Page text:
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Guilty (Reilly), and more guilty (Brown)

Mayor Byron Brown had it right when he said Brian Reilly had too much on his plate serving  both as commissioner of economic development, permits and inspections and as president of the Buffalo Economic Renaissance Corp.

What the mayor failed to say, however, is that it was Brown who loaded Reilly's plate like a starving man on a buffet line.

In other words, Brown, in forcing Reilly to step down as BERC president, is cleaning up his own mess.

Brown hired Reilly a year ago February as the city's chief economic development official. The mayor then gave Richard Tobe the boot and put Reilly in charge of the permit and inspections department that Tobe had headed. Meanwhile, the mayor failed to fill a budgeted position to oversee green issues and dumped that work in Reilly's lap, as well. All the while, Reilly headed up BERC.

Not that this made Reilly immune from doing political homework assigned by Deputy Mayor Steve Casey. In whatever spare time Reilly might have otherwise had last summer, he was spotted carrying petitions for candidates favored by the mayor.

But before you start feeling sorry for Reilly, keep in mind that he didn't help himself.

The decision to change BERC's insurance options in a way that allowed him to put the woman he lives with on his health insurance policy may or may not have involved skulduggery, but it certainly displayed poor judgment.

Ditto for his defense of Michelle Barron in the wake of the One Sunset restaurant fiasco.

Double-ditto for his MO of not returning calls to a wide range of people and snarling at many of them when he did pick up the phone. He turned off a lot of people in the development community pretty quickly, people in both corporate suites and grass-roots organizations.

But Reilly has not played a central role in most of the controversies to beset the city's economic development efforts since he arrived on the scene.

There's the decision, subject to likely rejection by the Common Council, to select a team headed by former Council President James Pitts to develop a waterfront hotel. It was Brown, not Reilly, who ramrodded that decision through the Buffalo Urban Renewal Agency.

There's the money and manpower lent by BERC to help Leonard Stokes run One Sunset into the ground within a year of opening. Most of the damage was done by the time Reilly was hired.

P.S.:  the guy Stokes met with at City Hall to help make things happen was named Brown, not Reilly.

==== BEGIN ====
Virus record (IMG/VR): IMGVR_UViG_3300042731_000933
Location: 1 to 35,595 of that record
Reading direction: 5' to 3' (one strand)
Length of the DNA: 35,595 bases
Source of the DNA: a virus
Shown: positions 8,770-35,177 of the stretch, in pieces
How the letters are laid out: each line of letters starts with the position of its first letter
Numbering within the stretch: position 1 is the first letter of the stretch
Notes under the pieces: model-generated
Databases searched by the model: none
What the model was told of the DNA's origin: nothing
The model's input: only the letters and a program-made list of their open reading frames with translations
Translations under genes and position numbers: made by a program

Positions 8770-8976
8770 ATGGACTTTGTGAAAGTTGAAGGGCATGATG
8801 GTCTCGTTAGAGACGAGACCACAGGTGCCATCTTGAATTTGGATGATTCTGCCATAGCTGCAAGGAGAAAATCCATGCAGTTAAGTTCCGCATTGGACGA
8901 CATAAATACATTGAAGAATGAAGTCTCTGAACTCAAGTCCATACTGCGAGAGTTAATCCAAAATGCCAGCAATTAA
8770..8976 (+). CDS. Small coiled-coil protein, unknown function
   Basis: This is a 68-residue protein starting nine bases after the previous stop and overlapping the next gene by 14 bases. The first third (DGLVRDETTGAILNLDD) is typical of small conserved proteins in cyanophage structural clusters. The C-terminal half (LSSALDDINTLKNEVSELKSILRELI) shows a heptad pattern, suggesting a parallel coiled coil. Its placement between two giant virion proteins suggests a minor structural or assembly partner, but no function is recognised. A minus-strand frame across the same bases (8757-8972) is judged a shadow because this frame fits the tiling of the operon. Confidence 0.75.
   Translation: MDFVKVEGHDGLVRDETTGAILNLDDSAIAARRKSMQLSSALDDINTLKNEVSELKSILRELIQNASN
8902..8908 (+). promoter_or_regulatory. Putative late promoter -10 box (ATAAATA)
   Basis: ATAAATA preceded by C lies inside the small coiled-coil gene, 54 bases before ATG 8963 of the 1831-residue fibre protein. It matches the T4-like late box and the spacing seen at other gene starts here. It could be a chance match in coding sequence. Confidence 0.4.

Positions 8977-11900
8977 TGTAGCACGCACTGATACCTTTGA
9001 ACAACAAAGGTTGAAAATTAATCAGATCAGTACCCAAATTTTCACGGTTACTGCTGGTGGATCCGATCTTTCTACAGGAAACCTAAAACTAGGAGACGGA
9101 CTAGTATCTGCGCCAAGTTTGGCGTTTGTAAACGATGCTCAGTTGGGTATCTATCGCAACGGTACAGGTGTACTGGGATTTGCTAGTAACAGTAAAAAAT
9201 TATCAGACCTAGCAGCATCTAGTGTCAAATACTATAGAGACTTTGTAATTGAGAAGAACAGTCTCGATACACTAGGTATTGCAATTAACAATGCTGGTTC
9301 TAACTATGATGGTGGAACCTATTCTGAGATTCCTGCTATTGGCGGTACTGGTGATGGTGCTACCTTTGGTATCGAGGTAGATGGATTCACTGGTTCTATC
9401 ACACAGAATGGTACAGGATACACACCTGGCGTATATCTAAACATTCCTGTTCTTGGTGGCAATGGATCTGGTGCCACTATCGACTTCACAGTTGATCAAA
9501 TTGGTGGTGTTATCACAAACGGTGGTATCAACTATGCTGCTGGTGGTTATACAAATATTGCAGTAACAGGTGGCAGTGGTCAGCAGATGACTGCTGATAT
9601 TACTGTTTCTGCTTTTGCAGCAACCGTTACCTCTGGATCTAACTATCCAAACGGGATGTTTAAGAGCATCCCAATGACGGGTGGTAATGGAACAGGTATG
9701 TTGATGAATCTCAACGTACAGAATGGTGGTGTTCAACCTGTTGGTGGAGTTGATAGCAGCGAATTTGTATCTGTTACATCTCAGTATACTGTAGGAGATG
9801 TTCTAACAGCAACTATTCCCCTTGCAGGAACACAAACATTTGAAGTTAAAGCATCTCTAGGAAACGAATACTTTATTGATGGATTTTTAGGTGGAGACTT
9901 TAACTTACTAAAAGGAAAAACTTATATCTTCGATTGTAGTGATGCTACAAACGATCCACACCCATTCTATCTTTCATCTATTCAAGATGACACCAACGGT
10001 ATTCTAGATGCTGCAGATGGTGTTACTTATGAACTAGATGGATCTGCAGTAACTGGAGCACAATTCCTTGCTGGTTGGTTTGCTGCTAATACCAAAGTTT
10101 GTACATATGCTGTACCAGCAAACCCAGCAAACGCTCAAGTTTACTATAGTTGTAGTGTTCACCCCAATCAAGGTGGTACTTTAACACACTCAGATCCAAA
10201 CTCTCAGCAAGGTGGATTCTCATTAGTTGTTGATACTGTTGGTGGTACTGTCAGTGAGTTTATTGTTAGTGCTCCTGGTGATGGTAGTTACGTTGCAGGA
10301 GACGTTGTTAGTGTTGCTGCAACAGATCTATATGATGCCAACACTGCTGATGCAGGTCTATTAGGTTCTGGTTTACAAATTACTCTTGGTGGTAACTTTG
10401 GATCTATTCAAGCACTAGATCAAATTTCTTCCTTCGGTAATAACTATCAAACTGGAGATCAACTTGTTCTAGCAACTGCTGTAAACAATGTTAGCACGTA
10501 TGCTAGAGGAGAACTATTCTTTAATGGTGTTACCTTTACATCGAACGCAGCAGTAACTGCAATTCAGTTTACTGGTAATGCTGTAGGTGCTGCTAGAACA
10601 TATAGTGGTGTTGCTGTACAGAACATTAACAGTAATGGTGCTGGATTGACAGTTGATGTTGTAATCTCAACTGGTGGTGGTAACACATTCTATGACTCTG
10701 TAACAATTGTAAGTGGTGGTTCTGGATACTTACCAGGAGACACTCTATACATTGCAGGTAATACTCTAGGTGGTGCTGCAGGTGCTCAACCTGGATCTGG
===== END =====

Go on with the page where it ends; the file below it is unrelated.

It was Brown, not Reilly, who carried on about the supposed $4.5 billion in economic development activity that turned out to be a lot of smoke and mirrors.

There's the blind eye the administration has turned to sustainable economic development or just about anything else having to do with green.

And, of course, there's the ongoing ... and ongoing ... and ongoing squandering of federal block grant funds and accompanying critical audits by the U.S. Department of Housing and Urban Development.

Jimmy Griffin got the ball rolling, plowing money into the salaries of bureaucrats and loans to dubious development deals. Tony Masiello did likewise. And not much has changed under Brown,

If anything, things have perhaps gotten worse, considering the most recent HUD audit released this spring found no fewer than 19 serious deficiencies. And when the Common Council wanted documents to help get to the bottom of things, it had to resort to filing Freedom of Information requests that the administration took its sweet time in responding to -- and not completely, at that.

Is any of this Brian Reilly's fault?

Nope. The buck stops at the mayor's desk.

In short, shed no tears for Brian Reilly. He's still got $91,162 in salary to keep him warm -- and to help his girlfriend buy health insurance.

At the same time, remember who is really calling the shots, who ultimately is responsible for this mess. It's the guy, two months away from a primary, who all of a sudden is preaching "change and reform."

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City Hall | Economic Development
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